1950, June: Rudolph Fentz' Death

As the story is told, it was a Captain Hubert V. Rihm of the New York City Police Department who reported the odd incident that happened in June of 1950. Rihm was interviewed about a year or so after, which was also after he had retired from the force. The whole matter had left a bad taste in his mouth.

        For Rihm, the story started with the body of a man who had been struck and killed by a car, whom was delivered to the morgue that evening. The victim was thought to be in his thirties, and the first thing everyone noted was that this unfortunate man was dressed very strangely. He wore checkered pants with a short coat and vest. The collar of his shirt had been starched into an upright hug around his neck. In addition, his shoes were buttoned, and he was delivered with a tall, "stove pipe" hat. All of that coupled with the man's unusual mutton-chop style sideburns gave the impression that he had stepped out of the middle of the Victorian Era.

        The contents of the man's pockets did nothing to dismiss this impression. He had about $70 in cash; but it was in bank notes, not bills, and none of his coins were dated newer than 1876, though they all looked new. Among the coins was a three cent piece that was no longer in use. The man also had a bill from a livery stable for the care of a horse and a carriage washing, and a coin worth five cents at a saloon no one had heard of. The most useful thing for the police were business cards that read "Rudolph Fentz," presumably the man's name, along with an address on fifth avenue; there was also a letter from Philadelphia marked for delivery to the same address. But the address was that of a business, and no one there knew of a Rudolph Fentz.

        Rihm, getting irritated with the case, asked for more about the circumstances of the car accident.

Rudolph Fentz
Rudolph Fentz [Larger version here]

He was told that Fentz had first been noticed standing in the middle of one of the city's larger streets around 11:15PM, staring around at the buildings, lights, and cars as if confused; it was this behavior that made people first notice him. A moment later, the lights changed and cars started to move again... but instead of standing still and waiting for everything to stop again, Fentz made a mad dash for the sidewalk through the now moving traffic, and was hit and killed almost instantly.

        When it became clear that no one was going to contact the police looking for the missing man, Rihm doubled down on his investigation, digging through progressively older phone books to see if he could find Fentz's home and family. After much searching, the officer found the name of a Rudolph Fentz Jr. in a phone book dated from 1939; and, having no other lead, Rihm contacted the superintendent of the building. Fentz Jr. had moved out in 1942. He had been in his sixties at the time, and retired from working at a local bank. Rihm soon located the right bank, and discovered that Fentz Jr. had retired in 1940, and had died around 1945. His widow was still alive and living in Florida.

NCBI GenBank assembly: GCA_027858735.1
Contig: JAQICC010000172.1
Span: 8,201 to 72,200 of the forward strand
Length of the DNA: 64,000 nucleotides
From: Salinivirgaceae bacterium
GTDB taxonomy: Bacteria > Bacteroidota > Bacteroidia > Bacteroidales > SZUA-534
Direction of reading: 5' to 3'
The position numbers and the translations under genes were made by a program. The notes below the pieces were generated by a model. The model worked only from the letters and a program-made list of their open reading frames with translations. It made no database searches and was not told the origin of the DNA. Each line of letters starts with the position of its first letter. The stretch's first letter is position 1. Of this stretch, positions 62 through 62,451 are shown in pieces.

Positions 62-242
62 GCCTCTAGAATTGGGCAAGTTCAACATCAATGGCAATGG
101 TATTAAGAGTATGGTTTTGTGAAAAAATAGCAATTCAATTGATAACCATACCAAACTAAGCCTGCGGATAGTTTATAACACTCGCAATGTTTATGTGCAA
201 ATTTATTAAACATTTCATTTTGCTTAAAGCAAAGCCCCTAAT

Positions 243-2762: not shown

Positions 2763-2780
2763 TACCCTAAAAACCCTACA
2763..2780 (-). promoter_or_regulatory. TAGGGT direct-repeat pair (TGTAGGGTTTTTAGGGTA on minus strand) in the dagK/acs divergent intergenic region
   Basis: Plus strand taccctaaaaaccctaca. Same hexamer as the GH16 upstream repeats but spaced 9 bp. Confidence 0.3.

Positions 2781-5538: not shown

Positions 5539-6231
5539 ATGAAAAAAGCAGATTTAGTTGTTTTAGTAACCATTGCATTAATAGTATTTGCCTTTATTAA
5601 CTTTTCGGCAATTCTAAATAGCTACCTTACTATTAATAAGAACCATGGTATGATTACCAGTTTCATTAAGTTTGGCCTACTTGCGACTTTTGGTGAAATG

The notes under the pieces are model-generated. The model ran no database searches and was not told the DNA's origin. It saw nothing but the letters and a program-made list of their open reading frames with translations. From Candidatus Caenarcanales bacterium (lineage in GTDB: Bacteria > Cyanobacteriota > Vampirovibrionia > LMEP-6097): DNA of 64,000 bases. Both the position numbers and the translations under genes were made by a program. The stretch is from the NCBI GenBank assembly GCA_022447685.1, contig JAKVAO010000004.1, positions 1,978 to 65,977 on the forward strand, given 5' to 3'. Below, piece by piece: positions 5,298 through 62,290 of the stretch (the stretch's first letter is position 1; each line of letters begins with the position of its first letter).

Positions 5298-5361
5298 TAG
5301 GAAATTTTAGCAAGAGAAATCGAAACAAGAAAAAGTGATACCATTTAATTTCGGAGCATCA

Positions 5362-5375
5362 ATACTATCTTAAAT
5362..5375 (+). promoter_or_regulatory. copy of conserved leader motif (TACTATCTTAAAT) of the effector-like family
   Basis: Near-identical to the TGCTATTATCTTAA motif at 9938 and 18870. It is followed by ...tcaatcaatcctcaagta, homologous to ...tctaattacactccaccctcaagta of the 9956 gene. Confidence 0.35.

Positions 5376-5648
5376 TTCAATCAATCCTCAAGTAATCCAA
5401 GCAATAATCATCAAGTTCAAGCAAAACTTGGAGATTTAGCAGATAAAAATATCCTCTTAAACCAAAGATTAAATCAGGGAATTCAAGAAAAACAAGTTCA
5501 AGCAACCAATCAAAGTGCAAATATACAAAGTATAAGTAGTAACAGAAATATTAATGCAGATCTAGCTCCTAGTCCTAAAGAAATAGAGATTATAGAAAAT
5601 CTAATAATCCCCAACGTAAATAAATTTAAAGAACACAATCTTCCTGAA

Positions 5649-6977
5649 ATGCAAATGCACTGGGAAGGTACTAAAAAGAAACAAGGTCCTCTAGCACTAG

Still not sure if Fentz Jr. was somehow connected to the dead Fentz, Rihm contacted the widow to ask for more information about her husband and his family... and what he found out he never officially reported. He couldn't.

        Sometime in the mid 1870's, when Fentz Jr. was just two years old, his father went out one night at 10:00PM to stroll while smoking a cigar -- his wife didn't like the smell -- but he never returned. Rihm later dug through old police records until he found the missing persons reports from the 1870's... and there he found a report for a Rudolph Fentz, who went missing one night in 1876. Fentz had been 29 years old with mutton-chop sideburns, and when last seen was reported wearing a dark coat, checked pants, and a tall silk hat...

Did It Happen?

        The story of Rudpolph Fentz -- and it is a story -- was first published as part of a short science fiction tale written by noted author Jack Finney [1911-1995], and presented in the September 15, 1951 edition of Collier's Weekly magazine. The tale, entitled "I'm Scared", is written from the point of view of an older man who has started to investigate strange occurrences that suggest to him that time is starting to fragment; and the story of Rudolph Fentz is the longest such account he presents within the story. This part of the story, in fact, is what the title page art was based on... which is what I present above as my illustration of Rudolph Fentz.